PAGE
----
The radio's display and keypad are illuminated the controls are operated and there is good audio feedback. The voice announcement is on by default, but the radio is highly configurable and a lot of this behaviour is alterable. Even the LCD backlight colour can be set to taste (or mood!).
The only aspect of the radio that seemed a little cheap was the knob on the top and the bright LED torch that emerges from the top of the case. The former wasn't quite straight, although it operates perfectly. The LED torch has nothing wrong with it, but it looks a bit retro and just slightly naff in the way it protrudes. We're just not used to seeing these old dome style LEDs protruding outside cases like this any more. This is actually a feature of the particular design that I chose. Other designs offered a flush LED. In any case, I don't want these comments to detract from the plain fact that the radio comes across as rather more quality than you have any right to expect for less than fifty bucks!
As usual the radio can be operated in either VCO or memory mode. With a rather compact, two-line display settings are presented as a linear list. The keypad arrow keys are used to move up/down this list until you find a setting that you wish to change. There's also a fast-access method where the number of the menu is entered to get straight to a particular setting - though of course you'll have to remember the numbers or have a crib-sheet handy. Some common settings are split over two menus. For instance, the repeater offset is one setting and the repeater offset direction (e.g. + or -) is set in another. Various tone settings (e.g. CTCSS) take a numeric value, which corresponds to a particular option in a lookup table, so again, you'll need to have the manual handy if you need to change such things.
Overall, I would say the radio is no harder to configure from the front panel than most. I have had no issues of it not doing what I expected once I've located the appropriate options to change.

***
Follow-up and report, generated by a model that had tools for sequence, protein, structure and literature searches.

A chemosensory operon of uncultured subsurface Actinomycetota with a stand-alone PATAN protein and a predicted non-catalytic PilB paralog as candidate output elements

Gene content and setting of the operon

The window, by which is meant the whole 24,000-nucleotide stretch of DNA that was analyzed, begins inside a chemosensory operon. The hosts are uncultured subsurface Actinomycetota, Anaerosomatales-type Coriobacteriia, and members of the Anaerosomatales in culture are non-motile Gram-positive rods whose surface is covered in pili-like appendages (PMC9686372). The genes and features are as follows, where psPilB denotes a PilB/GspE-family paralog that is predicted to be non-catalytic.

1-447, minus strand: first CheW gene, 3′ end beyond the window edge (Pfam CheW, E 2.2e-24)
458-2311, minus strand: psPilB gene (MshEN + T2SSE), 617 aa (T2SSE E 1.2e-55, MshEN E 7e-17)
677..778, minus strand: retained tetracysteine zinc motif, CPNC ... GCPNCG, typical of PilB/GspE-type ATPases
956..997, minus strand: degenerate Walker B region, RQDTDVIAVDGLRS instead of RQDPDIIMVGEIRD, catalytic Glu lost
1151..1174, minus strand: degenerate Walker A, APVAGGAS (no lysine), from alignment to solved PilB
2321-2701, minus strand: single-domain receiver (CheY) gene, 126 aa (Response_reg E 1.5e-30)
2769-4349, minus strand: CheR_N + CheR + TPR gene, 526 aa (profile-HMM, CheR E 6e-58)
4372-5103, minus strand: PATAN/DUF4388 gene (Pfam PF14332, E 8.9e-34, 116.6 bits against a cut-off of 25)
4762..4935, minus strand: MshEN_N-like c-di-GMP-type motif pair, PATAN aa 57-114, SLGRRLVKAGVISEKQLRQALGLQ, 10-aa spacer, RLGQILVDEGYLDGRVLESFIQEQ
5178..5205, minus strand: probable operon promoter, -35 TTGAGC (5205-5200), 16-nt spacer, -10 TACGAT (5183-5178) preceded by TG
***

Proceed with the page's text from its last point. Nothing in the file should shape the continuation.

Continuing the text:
The manual supplied with the radio is 'adequate'. It is (mostly!) written in English, rather than inscrutable Chinglish, which was another fear I had. I was able to download the manual ahead of my decision to purchase in order to verify this. Since acquiring the radio, I have learned that there are some third party projects to better document this radio, including an excellent free PDF manual from The (Chinese) Radio Documentation Project.
The Baofung arrived just in time for it to be taken on our family summer vacation this year, for a bit of 'field testing'. It sounded just fine on both 2m and 70cm when we tried some local simplex. However, it was noticeably not able to activate any of the repeaters in the area we were staying on Vancouver Island. My ID-51a is itself challenged with a less-than-stellar standard antenna IMHO, but I was able to access a number of repeaters that the Baofeng simply couldn't. I'm pretty sure the little compact/stubby standard antenna on the Baofeng is to blame. I have not measured the output power from the radio, but others have consistently reported it to be very close to the specified 4W on their radios. That's admittedly a watt less than the 51a, but not much. We were able to activate the Vancouver repeaters on return from holiday. I'm planning to get hold of a VHF power meter sometime and validate the full transmit power, but I think a replacement SMA antenna may be in order.
As well as the amateur bands, the radio has an FM broadcast station receiver - something Toby also enjoyed.
Overall, I'm very impressed with the Baofeng UV-5RA. It's way more radio (and accessories) that I would have believed possible for the price. As others have commented, at that price you could almost consider the radio 'disposable', but hopefully it will continue to work solidly. It certainly has all the critical features you need for a handy-talkie and it's programmable with the available software. Of course, it doesn't have a digital mode, isn't waterproof, doesn't have GPS or packet/APRS, nor any other whizz-bang proprietary features... but do you really need any of that most of the time?